Does the following story sound familiar? In a country going through rough economic times, a man steals a loaf of bread to feed his sister’s hungry children. He is caught and punished but the punishment seems so disproportionate to the crime. Despite this violation of the law, the man seems decent. Through an act of personal charity and kindness extended to him, he goes on to exemplify the best of what a human being can be. Society manages to establish the rule of law, but seems to somehow have lost its true measure.

No, this is not the story of Jean Valjean. This is a story that unfolds in a modern Canadian city in 2011. A man works in a grocery store stocking shelves – let’s call him Jim. He wife works at another minimum wage-paying job. We’ll call her Pat. Together they have three children. If you pause to work out the math, between the two of them they earn – before tax, $38,437 a year, assuming they work 50 weeks per year and never miss a day. Their jobs do not provide “benefits”. After rent, transportation and food, there is precious little left at the end of the pay cheque for clothing, school supplies..etc.. But they both struggle along and persist because they refuse to become “unemployed”.

At the height of the flu season, Pat misses three days of work because of being unwell. At the end of that week, she is back at work, but Jim gets a call from her at his work. She had just gotten home and was thinking to get the kids’ lunch prepared early for the following school day.  There is nothing in the fridge and Pat asks Jim if he could pick up some deli meat and cheese on his way home. Small problem: it’s near the end of the pay period and both are flat broke.

It’s a tough situation. Jim has never stolen anything in his life before. He agonizes over what he is about to do but he thinks he has few options. So he takes a package of deli meat and a package of sliced cheese and he puts them in his jacket pocket. As he is leaving the building, he is confronted by a security guard who tell him he was observed stealing. Out come the deli meat and cheese packages and Jim is given the choice to resign or be fired on the spot. Not wanting the indignity of being fired, he chooses to resign.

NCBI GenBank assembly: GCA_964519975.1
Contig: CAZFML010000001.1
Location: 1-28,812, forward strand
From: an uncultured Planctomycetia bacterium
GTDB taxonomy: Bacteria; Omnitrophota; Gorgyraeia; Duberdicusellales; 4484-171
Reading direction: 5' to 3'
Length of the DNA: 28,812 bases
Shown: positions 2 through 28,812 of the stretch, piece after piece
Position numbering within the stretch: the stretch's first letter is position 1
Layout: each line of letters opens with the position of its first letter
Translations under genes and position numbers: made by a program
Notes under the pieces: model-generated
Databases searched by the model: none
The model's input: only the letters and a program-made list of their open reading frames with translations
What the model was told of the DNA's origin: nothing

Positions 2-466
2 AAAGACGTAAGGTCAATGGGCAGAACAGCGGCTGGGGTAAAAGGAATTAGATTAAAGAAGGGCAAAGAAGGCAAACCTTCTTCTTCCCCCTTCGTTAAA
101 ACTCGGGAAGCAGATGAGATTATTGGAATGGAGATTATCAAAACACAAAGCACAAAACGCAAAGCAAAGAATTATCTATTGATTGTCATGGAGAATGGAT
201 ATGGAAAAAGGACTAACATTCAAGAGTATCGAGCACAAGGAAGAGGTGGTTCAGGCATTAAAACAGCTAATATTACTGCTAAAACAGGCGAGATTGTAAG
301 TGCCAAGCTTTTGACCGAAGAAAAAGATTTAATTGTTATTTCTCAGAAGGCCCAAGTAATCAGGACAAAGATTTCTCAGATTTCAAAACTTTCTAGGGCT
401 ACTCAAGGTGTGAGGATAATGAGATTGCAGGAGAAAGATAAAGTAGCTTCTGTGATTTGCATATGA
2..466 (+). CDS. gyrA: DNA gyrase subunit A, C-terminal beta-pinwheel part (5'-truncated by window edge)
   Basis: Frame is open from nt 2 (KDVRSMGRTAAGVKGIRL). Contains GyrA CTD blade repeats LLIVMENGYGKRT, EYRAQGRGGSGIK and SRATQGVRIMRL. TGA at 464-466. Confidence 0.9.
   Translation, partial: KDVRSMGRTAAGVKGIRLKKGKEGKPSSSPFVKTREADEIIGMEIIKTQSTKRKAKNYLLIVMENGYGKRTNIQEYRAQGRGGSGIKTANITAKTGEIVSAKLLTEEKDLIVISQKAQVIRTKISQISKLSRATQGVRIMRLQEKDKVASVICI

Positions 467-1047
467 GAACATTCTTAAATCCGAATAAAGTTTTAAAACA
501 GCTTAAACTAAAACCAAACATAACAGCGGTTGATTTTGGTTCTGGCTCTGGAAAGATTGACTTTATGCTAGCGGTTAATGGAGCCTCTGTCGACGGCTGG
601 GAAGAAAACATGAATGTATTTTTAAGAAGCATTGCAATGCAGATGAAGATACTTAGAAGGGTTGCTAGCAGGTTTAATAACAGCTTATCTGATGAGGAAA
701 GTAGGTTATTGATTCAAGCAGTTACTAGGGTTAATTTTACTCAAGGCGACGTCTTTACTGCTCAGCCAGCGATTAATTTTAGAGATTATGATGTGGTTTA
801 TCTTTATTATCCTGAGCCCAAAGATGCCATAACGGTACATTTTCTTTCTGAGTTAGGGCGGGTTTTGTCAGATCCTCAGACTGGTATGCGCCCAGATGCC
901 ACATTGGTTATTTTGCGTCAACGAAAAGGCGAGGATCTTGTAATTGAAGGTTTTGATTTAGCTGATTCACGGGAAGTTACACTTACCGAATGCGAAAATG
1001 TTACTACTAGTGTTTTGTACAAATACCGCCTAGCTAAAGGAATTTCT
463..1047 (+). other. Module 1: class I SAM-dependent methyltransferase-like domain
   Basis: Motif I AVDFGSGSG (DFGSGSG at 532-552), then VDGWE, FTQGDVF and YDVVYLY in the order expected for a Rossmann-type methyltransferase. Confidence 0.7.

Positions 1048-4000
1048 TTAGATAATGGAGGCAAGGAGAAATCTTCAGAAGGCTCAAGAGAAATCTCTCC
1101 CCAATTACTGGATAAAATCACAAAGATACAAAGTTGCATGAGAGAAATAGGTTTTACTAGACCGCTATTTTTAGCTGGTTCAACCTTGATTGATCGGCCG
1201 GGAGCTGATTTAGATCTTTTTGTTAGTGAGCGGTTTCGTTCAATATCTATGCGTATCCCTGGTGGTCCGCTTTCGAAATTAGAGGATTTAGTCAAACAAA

The city is going through some rough economic times and Jim looks for work but 4 months later – nada… and so he is collecting EI…. and so now, this family of five is subsisting on a total income of less than $30K per year. Whereas they had squeaked by before, now they are in real trouble.

This is a true story…some of the details have been changed, but it is, nevertheless, very much a true story. I want to be clear: I am not, in any way, shape or form, condoning theft. Nor am I commenting on whether it was appropriate for the employer to fire Jim (reminder again – not his real name). Nevertheless, it is a tragic story.

What makes this and other stories of poverty in our society even more tragic is that poverty is entirely eradicable. I was recently pointed to a report produced by the Senate (yes, that body actually does produce some good things) called In From The Margins: A Call to Action. The report suggests that better policy choices can result in lifting families and individuals out of poverty AND reduce government spending/save money.

Many people fall in the trap of saying that there is no real poverty in Canada. That may be true if our comparator group is poverty in India, Africa or elsewhere. But it is not and it should not be. One definition of poverty that I recently came across speaks to the inadequacy of resources that forces the poor to live on the margins of society, unable to have the opportunities that an average member of society has.

I was motivated to write this piece after hearing the story above last week. Coincidentally (meaning occurring at the same time) the launch of a religious social action coalition to fight poverty in London, ON took place this week. It is modelled on a similar effort that started in Newfoundland (http://candidatesagainstpoverty.ca/). The coalition brings together many faith groups including the Muslim community, many Christian denominations and the Jewish community (http://spon.ca/london-tests-power-of-prayer-in-bid-to-close-rich-poor-gap/2011/04/17/).

The launch was held at the London Muslim Mosque and included presentations by Martha Powell of theLondon Community Foundation and Ross Fair, Executive Director of the Community Services Department of the City of London. Both presentations were inspiring and went a long way to show that poverty is a real problem but for which there are real solutions.

It’s been often said that the true measure of a society lies in how it provides for the poor. We don’t do a bad job, but we still have a very very long way to go. Look up your city’s poverty reduction strategy and see how you can contribute to it.